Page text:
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Caring for a Three Legged Dog or Cat

Tripawds is the place to learn how to care for a three legged dog or cat, with answers about dog leg amputation, and cat amputation recovery from many years of member experiences.
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Mini Schnauzer about to lose right rear leg
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New Jersey
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25 May 2013
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3 June 2013 - 6:32 am
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Victoria,
Sounds like infection was caught quickly, and what great vets you have. Good she’s eating she will rebound quickly. Our thoughts are with you.

On The Road


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3 June 2013 - 7:04 am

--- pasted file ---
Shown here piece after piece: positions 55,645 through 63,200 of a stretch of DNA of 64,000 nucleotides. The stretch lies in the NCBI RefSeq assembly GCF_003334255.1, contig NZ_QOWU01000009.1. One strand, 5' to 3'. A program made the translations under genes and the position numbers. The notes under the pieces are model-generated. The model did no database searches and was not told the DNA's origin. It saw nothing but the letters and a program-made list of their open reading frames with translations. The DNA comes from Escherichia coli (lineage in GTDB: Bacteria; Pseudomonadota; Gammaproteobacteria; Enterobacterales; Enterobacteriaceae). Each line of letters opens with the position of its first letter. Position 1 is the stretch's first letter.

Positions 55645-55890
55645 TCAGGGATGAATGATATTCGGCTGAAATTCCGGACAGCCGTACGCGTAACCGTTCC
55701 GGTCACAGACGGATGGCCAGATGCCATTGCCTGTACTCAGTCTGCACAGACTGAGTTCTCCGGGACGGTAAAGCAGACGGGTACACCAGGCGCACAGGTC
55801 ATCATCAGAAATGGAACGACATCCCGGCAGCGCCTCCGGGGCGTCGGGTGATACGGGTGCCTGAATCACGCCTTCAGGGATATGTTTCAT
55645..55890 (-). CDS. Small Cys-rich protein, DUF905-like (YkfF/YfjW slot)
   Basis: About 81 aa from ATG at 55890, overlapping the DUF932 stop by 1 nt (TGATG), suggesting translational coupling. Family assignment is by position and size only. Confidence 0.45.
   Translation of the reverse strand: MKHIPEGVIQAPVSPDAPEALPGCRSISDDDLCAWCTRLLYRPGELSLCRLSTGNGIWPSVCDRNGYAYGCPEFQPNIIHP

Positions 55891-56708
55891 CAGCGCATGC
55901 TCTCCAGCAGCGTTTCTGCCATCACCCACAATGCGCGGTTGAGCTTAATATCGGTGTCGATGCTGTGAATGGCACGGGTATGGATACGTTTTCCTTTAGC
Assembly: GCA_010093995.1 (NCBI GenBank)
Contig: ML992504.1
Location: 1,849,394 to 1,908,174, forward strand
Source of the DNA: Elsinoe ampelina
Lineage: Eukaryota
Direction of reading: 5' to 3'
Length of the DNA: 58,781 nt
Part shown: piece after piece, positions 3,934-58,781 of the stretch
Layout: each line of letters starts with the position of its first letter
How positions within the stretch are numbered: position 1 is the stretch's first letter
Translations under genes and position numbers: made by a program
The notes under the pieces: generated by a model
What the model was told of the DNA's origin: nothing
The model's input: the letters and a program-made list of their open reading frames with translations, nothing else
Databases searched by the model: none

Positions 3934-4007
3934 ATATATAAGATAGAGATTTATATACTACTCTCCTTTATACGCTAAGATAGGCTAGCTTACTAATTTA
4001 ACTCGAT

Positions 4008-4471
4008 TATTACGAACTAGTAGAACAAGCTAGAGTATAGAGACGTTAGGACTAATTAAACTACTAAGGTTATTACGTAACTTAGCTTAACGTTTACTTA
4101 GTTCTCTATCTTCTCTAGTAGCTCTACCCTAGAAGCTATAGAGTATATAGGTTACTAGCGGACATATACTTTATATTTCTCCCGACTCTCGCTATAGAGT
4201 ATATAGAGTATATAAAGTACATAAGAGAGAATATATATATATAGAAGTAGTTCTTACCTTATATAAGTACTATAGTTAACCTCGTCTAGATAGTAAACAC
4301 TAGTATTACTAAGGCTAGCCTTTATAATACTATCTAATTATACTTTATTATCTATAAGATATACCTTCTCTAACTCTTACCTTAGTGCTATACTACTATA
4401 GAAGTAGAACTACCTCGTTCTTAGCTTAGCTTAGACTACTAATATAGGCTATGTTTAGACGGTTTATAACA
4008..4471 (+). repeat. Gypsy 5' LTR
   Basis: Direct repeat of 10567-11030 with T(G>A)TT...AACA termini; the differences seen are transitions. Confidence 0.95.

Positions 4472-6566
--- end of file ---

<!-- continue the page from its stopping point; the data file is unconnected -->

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Victoria said
Thanks, Jerry! If I’m on a roller coaster I should at least try to enjoy the ride! All I need to do when I feel down is remind myself of how devastated and bereft we were a couple of weeks ago when it seemed we had to put her down. Then I look at her snoozing quietly on her bed and I feel so much better.

Each time I get a reply on this forum I am so glad I was recommended (by our vet) to look you up.

Thank you.

Victoria

Well, I know that’s often easier said than done but you’re doing a great job trying! Kudos!

I didn’t know your vet referred you to us, that’s so neat! If you have time someday, PM me their snail mail addy, I’d love to send them a note.

 

Tripawds Founders Jim and Rene
tripawds.com | tripawds.org | bemoredog.net | triday.pet

Member Since:
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3 June 2013 - 6:13 pm
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Hi all,

We went to the vet first thing to check on progress. The good news is that Dot’s temperature is back to normal, the antibiotics are beginning to work. She is still very sore and red, very swollen.